“We don’t see the world as it is, we see the world as we are.” – Stephen Covey
How we see other people says more about us than them.
There are literally thousands of quotes by famous and intelligent people telling us that; as individuals, our worlds are largely a construct of our own attitudes, perceptions and biases.
Our perceptions of the world shape our entire existence. We perceive the world through our own eyes and act accordingly. Our actions then bring about the consequences that align with our perceptions.
Most of the opportunities and challenges we perceive are entirely related to how we view the world and ourselves within it. Everything we think, do, dream and imagine is shaped by our perceptions. Many of the things that we accept as truths are mere constructs that allow us to live in a world that aligns with our personal attitudes, prejudices and beliefs.
For example; if I believe that women are poor drivers (sorry ladies) every time I see an erratic driver on the road I will automatically presume there is a woman driving the vehicle. If the driver is a woman I consider that a validation of my prejudice, and I will ignore it if the driver is a man.
If we are happy and outgoing people we perceive everyone as being happy and outgoing. As a result we find it very easy to make friends and connect with others. If we are shy and introverted we perceive others to be the same. As a result we may find it difficult to make connections with other people.
The major problem is that the vast majority of our attitudes and beliefs are not even ours. Many of our world views have been handed to us through parents, teachers, religious leaders, news media, politicians, friends and relatives.
The question that you should be asking yourself isn’t; “are my attitudes and beliefs accurate?”
The question you should be asking yourself is; “do my attitudes and beliefs serve me?”
Identifying the attitudes and beliefs that are holding you back is fairly simple; just pay attention to your own thoughts and internal statements and begin to question them. If you learn to change your perceptions you can learn to change your life.
The statements that you need to watch for usually start with “I can’t,” “I’m not” or something similar.
They might include such statements as “I am not good at math,” “I can’t speak in front of a group,” “I can’t control my drinking,” or something similar.
Once you have identified such limiting thoughts you need to start to question them. Start asking “why can’t I learn math,” “ why can’t I learn to speak in front of other people” or “why can’t I learn to stop drinking.” Chances are that someone else has done, and is doing, the very things that you have convinced yourself that you are unable to. If it has been done before by someone else there is a high probability that you can do it too.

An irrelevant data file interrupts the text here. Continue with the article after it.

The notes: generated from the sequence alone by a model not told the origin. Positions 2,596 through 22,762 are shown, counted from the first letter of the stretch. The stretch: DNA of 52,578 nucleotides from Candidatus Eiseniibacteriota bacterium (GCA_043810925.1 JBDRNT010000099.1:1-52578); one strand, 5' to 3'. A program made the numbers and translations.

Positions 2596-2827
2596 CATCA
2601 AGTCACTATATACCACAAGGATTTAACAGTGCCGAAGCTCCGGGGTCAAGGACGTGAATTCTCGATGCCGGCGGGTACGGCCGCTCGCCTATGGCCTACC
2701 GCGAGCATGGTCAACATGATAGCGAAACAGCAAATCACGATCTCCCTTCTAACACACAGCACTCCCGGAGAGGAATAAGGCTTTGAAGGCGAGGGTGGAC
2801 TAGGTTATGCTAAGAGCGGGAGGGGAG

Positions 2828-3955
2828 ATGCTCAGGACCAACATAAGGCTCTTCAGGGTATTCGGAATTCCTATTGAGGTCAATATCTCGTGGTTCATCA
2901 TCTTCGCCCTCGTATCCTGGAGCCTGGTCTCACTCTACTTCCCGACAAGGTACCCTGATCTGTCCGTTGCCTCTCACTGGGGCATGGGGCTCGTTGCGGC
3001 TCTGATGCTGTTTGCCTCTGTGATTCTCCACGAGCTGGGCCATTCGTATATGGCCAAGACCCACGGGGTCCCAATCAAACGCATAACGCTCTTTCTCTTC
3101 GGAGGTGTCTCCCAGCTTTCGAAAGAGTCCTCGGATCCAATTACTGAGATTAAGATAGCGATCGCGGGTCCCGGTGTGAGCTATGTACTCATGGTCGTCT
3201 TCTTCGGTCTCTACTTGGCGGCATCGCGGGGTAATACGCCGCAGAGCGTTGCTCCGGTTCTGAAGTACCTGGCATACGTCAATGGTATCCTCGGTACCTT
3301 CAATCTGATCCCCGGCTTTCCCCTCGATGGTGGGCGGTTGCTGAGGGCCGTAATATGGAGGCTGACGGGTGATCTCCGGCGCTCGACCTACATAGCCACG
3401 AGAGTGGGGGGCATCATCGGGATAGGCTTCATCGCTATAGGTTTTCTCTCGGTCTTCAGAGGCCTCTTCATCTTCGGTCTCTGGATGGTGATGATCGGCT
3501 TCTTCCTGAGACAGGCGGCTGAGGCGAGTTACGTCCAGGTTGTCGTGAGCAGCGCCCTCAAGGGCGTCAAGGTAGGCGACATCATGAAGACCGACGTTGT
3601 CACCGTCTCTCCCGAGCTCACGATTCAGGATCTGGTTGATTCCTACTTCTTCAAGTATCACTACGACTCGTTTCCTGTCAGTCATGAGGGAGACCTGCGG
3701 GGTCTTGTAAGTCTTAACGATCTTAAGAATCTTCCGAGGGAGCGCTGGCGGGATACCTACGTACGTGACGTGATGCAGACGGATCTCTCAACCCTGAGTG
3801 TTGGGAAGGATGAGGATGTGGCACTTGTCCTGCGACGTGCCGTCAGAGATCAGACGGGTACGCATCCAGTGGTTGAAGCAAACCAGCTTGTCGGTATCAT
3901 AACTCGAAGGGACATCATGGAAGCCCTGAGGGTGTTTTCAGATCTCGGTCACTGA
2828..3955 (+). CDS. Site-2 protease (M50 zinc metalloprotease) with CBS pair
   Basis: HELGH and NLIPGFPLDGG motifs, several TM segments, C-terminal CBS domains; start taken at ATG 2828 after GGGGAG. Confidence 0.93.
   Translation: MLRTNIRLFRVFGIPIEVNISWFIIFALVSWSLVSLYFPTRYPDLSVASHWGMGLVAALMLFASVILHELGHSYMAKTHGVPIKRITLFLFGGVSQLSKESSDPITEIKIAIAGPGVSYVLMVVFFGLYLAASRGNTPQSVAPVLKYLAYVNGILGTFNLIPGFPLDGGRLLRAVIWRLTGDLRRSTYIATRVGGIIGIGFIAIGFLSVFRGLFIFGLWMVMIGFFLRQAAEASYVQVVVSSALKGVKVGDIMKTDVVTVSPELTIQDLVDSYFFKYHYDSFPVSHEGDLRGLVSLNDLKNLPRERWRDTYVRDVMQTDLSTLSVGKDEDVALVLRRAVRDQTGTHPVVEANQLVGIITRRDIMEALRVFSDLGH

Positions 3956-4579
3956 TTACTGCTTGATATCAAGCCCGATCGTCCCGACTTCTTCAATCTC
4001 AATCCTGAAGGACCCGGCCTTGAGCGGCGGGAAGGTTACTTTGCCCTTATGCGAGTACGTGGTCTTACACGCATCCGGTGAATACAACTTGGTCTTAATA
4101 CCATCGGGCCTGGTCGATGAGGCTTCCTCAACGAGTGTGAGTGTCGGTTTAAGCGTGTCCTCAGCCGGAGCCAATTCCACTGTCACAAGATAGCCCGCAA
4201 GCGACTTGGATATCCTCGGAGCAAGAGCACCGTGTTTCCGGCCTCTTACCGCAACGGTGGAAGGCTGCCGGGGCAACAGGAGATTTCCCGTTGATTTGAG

In fact there is a high probability that you have at times done the very thing that you tell yourself you can’t. People who say they aren’t good at math have often done quite well on certain tests, many people have spoken before groups of people and many people have stopped drinking for at least short periods of time.
The real issue is that these behaviours are not recognised as the “normal” pattern of behaviour. Because they are self-limiting beliefs you automatically look for evidence to support the belief and disregard all other evidence.
Changing these beliefs is simple but not easy. You need to re-pattern your thinking which means altering your neural pathways. The best way to change your beliefs is by looking for and documenting evidence that supports a different belief.
Look for the evidence to support your best possible view of the world. Look for the evidence to support the fact that you are talented, happy and successful and learn to ignore everything else. Look for and document the PROOF of who you are at your best.
True success isn’t about us learning to be someone else, true success is learning to consistently be the very best version of ourselves. Becoming the best version of yourself ensures that you are as happy, healthy and successful as possible.
A super powerful tool that I use with my clients it the creation of a success journal. In this journal I get people to track all the things that go right in their lives, all the things they do well and all the things they are good at. Over time this helps people realise that, more often than not, they are far stronger and more capable than they ever realised.
Some people are so unfamiliar with seeing the good in themselves and others it actually takes a lot of time and effort for them to see the great things in their world and it can take even longer for them to be able to really feel the positivity that surrounds them.
Overcoming years of negative programming takes effort and persistence.
If you are truly interested in enjoying more success on the far side of fifty then why don’t you try creating your own success journal, commit to spending ten minutes per day and write down all the positive things you see about yourself and in the world around you.
If you need a hand staying on track shoot me an email I will help you get started on the creation of the new but very important habit.
Thanks for reading and I hope you have a great week.
As always feel free to sign up or leave a comment.